## A small cork with an excess charge of +6.0 μC (1 μC = 10 -6 C) is placed 0.12 m from another cork, which carries a charge of -4.3 μC. a. Wha

Question

A small cork with an excess charge of +6.0 μC (1 μC = 10 -6 C) is placed 0.12 m from another cork, which carries a charge of -4.3 μC. a. What is the magnitude of the electric force between the corks? b. Is this force attractive or repulsive? c. How many excess electrons are on the negative cork? d. How many electrons has the positive cork lost?

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3 years 2021-09-02T19:43:29+00:00 1 Answers 4 views 0

a.16.125 N b. The force is an attractive force. c. 2.68 × 10¹³ electrons d. 3.75 × 10¹³ electrons

Explanation:

a. What is the magnitude of the electric force between the corks?

The electrostatic force of attraction between the two corks is given by

F = kq₁q₂/r² where k = 9 × 10⁹ Nm²/C², q₁ = +6.0 μC = +6.0 × 10⁻⁶ C, q₂ = -4.3 μC = -4.3 × 10⁻⁶ C and r = distance between the corks = 0.12 m

Substituting the values of the variables into the equation, we have

F = kq₁q₂/r²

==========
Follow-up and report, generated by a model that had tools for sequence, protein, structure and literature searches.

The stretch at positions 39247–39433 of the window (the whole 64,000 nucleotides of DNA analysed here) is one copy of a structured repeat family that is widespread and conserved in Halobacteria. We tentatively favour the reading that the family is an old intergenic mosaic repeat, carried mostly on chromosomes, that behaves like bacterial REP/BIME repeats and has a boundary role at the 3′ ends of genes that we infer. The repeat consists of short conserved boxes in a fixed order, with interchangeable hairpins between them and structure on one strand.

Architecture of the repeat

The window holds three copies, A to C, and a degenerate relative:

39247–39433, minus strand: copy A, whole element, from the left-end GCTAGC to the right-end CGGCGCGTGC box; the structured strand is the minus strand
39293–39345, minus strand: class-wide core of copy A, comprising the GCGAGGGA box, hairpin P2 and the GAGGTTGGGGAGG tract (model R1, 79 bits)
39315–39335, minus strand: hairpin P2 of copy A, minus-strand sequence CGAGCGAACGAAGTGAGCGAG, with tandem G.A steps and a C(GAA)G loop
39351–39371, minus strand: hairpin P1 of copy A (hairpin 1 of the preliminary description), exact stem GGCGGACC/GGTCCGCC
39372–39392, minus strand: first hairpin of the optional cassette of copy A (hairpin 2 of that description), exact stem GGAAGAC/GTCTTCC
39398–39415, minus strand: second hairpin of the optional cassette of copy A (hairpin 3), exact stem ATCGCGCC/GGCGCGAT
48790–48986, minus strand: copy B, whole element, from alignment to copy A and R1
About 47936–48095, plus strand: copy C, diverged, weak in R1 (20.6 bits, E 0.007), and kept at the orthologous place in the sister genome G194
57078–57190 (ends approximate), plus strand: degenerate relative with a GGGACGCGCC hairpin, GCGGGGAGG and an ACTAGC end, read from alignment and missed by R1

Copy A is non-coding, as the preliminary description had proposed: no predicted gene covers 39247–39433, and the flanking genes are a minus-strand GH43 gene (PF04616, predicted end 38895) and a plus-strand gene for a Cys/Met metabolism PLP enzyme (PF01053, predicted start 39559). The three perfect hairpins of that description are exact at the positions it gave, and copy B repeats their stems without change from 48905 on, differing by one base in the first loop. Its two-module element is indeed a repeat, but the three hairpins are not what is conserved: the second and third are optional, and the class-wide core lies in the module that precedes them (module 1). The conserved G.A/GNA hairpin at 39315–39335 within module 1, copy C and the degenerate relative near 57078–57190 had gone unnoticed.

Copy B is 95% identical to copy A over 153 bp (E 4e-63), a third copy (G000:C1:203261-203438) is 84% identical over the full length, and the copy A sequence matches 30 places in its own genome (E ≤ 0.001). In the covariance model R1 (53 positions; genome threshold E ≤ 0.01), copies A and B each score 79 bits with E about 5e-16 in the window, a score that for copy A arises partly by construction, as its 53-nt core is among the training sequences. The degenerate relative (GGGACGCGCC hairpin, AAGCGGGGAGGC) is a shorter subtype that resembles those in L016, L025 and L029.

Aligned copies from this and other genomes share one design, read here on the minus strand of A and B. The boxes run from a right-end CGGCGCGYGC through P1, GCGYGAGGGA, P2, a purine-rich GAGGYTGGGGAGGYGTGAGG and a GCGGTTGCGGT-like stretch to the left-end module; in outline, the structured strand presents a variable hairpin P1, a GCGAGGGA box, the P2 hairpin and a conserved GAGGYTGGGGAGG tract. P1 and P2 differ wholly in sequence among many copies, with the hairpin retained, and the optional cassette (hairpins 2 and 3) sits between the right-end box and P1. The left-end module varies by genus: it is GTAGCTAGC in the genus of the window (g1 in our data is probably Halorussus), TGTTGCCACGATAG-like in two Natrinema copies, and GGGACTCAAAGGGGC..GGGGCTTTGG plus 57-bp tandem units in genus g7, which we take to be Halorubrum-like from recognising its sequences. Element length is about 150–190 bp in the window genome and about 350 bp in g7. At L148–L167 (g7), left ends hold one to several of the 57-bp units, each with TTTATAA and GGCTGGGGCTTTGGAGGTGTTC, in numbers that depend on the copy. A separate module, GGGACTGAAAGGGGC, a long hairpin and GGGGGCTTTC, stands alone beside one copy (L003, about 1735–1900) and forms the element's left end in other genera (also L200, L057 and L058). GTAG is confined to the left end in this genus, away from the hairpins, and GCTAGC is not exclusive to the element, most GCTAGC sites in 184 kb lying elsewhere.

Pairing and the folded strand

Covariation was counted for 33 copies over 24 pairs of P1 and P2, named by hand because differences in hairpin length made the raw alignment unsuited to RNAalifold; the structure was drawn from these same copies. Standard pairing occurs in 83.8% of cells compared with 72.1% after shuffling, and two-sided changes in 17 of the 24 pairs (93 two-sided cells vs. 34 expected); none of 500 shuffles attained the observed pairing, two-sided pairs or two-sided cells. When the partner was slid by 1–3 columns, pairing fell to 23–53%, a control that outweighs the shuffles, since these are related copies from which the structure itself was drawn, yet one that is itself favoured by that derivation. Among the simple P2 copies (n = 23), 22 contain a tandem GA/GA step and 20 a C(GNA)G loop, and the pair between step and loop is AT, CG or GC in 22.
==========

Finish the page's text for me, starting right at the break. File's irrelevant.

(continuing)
F = 9 × 10⁹ Nm²/C² × +6.0 × 10⁻⁶ C × -4.3 × 10⁻⁶ C/(0.12 m)²

= -232.2 × 10⁻³ Nm²/(0.0144 m)²

= -16125 × 10⁻³ N

= -16.125 N

So, the magnitude of the force is 16.125 N

b. Is this force attractive or repulsive?

Since the direction of the force is negative, it is directed towards the positively charged cork, so the force is an attractive force.

c. How many excess electrons are on the negative cork?

Since Q = ne where Q = charge on negative cork = -4.3 μC = -4.3 × 10⁻⁶ C and n = number of excess electrons and e = electron charge = -1.602 × 10⁻¹⁹ C

So n = Q/e = -4.3 × 10⁻⁶ C/-1.602 × 10⁻¹⁹ C = 2.68 × 10¹³ electrons

d. How many electrons has the positive cork lost?

We need to first find the number of excess positive charge n’

Q’ = n’q where Q = charge on positive cork = + 6.0 μC = + 6.0 × 10⁻⁶ C and n = number of excess protons and q = proton charge = +1.602 × 10⁻¹⁹ C

So n’ = Q’/q = +6.0 × 10⁻⁶ C/+1.602 × 10⁻¹⁹ C = 3.75 × 10¹³ protons

To maintain a positive charge, the number of excess protons equals the number of electrons lost = 3.75 × 10¹³ electrons